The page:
Now I know Agent Carter is in jeopardy of being cancelled, but if it is renewed for a 3rd season, I do have some wishes for the future. This story is important because it leads into the founding of SHIELD and I would love to see both how it comes about, especially knowing that Hydra was growing within SHIELD from the beginning. So here are some of the things I would like to see if the show keeps going:
1. Women of color! I think this would be great for the show’s representation of race in general, but I also think it would be a great way to explore Peggy’s privilege (shout out intersectionality). Also, notice that I say women and not woman; a part of representation is having more than just a token character and so it would be great to see different women of color (even of more than one race!) either being instrumental in helping Peggy with a case or something else important to the show.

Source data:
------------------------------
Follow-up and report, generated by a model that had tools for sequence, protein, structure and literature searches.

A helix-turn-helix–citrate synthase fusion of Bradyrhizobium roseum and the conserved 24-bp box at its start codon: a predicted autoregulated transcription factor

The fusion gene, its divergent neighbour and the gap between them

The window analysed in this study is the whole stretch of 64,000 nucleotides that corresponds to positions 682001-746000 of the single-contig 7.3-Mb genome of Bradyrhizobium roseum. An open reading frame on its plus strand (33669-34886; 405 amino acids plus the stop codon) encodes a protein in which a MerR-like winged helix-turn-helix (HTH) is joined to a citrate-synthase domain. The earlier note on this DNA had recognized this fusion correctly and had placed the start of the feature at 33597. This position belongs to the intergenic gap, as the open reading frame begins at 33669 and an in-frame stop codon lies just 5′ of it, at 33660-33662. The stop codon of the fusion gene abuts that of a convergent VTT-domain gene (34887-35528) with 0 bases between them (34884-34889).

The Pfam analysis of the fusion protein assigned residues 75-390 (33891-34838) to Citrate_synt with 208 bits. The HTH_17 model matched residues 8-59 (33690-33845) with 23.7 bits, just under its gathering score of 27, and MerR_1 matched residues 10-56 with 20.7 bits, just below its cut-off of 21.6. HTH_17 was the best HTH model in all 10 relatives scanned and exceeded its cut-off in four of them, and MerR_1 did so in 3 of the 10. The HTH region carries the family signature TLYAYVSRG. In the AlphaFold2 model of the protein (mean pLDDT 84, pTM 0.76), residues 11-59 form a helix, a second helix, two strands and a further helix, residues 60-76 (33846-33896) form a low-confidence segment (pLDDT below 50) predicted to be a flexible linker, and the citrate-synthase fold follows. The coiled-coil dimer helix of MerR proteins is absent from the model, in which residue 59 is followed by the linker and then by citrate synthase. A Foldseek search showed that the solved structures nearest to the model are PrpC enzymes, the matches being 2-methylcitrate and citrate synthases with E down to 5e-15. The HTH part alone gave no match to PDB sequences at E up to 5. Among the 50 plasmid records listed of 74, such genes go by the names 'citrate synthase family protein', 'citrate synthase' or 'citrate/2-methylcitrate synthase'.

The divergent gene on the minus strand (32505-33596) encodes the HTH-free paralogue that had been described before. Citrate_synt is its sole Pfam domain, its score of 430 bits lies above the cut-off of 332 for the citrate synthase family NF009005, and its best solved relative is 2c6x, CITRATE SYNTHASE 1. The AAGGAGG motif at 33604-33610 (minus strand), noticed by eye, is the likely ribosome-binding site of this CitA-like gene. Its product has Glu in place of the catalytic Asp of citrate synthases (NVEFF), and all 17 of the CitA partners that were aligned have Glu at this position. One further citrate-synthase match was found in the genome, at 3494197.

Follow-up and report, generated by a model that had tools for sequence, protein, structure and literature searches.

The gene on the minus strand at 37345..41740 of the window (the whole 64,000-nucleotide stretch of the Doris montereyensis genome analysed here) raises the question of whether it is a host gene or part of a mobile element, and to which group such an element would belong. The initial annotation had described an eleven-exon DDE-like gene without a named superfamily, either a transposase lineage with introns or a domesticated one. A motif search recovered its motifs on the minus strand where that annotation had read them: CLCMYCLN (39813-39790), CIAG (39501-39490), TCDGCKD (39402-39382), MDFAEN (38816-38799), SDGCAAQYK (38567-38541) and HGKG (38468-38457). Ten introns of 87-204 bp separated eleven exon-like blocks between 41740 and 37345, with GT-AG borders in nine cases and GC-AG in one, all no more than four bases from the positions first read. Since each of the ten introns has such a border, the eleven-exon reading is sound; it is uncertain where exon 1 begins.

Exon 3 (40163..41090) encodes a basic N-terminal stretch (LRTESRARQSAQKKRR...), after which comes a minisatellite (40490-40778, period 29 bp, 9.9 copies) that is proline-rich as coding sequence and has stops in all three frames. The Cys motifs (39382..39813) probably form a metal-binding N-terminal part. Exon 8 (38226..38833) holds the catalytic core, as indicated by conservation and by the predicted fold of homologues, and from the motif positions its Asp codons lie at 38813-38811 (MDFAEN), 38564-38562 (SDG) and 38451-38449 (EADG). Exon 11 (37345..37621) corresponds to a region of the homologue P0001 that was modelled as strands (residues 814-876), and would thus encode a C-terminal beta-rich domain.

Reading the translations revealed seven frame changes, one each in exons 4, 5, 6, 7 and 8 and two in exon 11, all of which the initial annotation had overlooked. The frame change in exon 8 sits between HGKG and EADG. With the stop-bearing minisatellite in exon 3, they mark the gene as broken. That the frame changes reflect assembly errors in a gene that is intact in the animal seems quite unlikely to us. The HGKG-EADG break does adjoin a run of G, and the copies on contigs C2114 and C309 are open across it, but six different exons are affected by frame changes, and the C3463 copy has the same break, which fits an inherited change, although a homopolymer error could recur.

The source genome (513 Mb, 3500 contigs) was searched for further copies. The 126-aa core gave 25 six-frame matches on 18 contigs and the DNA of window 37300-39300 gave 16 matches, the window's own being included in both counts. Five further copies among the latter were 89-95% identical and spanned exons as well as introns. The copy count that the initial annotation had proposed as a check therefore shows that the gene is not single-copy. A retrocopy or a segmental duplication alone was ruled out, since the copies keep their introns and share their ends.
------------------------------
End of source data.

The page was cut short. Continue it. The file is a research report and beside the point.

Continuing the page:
2. More people of color in general! This is extremely important, especially as the show steadily approaches the ‘50s and the beginning of the Civil Rights Movement. Again, we need to get rid of the white American nostalgia and understand that while it was segregated, it doesn’t mean POC didn’t exist in America.
3. Maybe first POC (WOC!) in the SSR? This would be a great way, again, to explore Peggy’s own privilege and even solidify her as a great ally, as she could potentially be the person to take this person on/allow them to help her with an important case. It would fit with her reputation of fighting for the marginalized—herself included—and would be interesting to see her fighting with her white male superiors for someone other than herself.
4. More honest depiction of atmosphere in the time period – rather than romanticizing the past. PLEASE.